For this reason a man shall leave his father and mother and be joined to his wife, and the two shall become one flesh. This is a great mystery, and I mean in reference to Christ and the Church.
Marriage is obviously the mystery Paul refers to in this verse and proves how intentional God was when he patterned marriage after the relationship between his Son and the Church.
But how exactly?
We were uniquely + individually created to represent God’s love…through the Spirit within us and the body given to us. This is why our bodies—individually as male and female AND through the union of the two—reflect God. Particularly: (1) His participation in an eternal exchange of love (the spousal analogy) and (2) His bodily sacrifice as a perfect gift of self. When they become “one flesh” man and woman (1) fulfill their purpose and (2) foreshadow the eternal union of Christ and His Church.
“[Therefore] be subject to one another out of reverence for Christ. Wives, be subject to your husbands, as to the Lord. For the husband is the head of the wife as Christ is the head of the church, his body, and is himself its Savior. As the church is subject to Christ, so let wives also be subject in everything to their husbands. Husbands, love your wives, as Christ loved the church and gave himself up for her…”
In Ephesians, the spousal analogy takes on another dimension: the wife is a symbol of the Church and the husband is a symbol of Christ. We can clearly see that this biblical calling of a wife’s submission to her husband isn’t blind passivity or weakness. God intended it to be unabashed love–much like He offers us.
And the man, taking on Christ’s persona, should not take his wife’s submission in a self-serving manner. For Christ came not to be served, but to serve—to lay down his life for His Bride.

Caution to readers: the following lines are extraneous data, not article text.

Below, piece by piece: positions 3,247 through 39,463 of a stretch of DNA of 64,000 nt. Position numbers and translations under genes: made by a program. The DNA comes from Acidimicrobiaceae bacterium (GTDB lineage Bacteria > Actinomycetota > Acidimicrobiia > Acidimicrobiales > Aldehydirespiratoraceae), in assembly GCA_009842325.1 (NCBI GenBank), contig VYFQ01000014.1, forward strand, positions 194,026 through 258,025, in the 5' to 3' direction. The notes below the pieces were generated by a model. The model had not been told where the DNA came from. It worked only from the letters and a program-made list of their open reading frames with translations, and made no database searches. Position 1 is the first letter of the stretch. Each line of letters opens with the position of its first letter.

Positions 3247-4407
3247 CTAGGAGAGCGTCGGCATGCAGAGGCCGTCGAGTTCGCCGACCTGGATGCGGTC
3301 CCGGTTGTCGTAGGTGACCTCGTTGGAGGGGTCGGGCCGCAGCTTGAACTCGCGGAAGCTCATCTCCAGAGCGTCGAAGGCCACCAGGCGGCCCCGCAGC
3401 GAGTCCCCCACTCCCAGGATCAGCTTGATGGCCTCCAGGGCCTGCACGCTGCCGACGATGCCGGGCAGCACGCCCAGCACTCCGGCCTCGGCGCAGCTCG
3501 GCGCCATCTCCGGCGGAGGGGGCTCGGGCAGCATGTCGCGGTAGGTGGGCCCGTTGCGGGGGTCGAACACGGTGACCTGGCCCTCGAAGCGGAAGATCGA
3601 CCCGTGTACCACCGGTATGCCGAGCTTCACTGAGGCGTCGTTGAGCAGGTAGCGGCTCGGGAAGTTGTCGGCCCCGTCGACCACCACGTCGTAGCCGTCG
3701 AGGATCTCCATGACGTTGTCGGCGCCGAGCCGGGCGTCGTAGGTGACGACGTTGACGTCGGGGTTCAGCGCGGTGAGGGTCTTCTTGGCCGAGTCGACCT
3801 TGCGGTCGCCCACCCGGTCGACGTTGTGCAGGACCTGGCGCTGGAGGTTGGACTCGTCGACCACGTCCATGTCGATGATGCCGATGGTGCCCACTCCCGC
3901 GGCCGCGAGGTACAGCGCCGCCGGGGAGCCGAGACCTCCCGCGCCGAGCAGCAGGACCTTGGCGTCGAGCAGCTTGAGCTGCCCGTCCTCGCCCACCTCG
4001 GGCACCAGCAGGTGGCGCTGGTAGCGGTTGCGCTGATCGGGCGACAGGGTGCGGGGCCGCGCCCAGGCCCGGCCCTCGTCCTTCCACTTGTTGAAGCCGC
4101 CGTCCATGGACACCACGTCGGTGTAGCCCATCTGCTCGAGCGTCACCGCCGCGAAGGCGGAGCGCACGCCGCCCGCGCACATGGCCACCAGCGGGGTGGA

This holy, sacrificial love is what John Paul II calls, “The Sacrament.” Marriage, like every other sacrament, has both a divine and human dimension. We’ll look at the divine dimension now. The Sacrament of Marriage, right from the beginning, “prepared the way for God’s wedding himself to US in ‘one flesh’.” In the beginning, God’s mystery became visible through mans union with woman. At the end of time—at the eternal “Supper of the Lamb”— the mystery becomes visible through Christ’s union with the Church.
These two signs form one great sacrament (The Sacrament). The great mystery comes full circle…in that we see the purpose of our creation. Not just as man and woman, but in the relationship between God + mankind and it’s being brought to fulfillment through Christ.
Christopher West poses a great question: If the union of spouses in “one flesh” truly reveals Christ love for the church, why, then, are we so prone to think of sexual union as something unholy and defiling? How can we reclaim a true sense of the holiness of sexual union in God’s plan?
Let us know below! We’d love to hear your thoughts!
As always, thanks for reading!
The FRP Team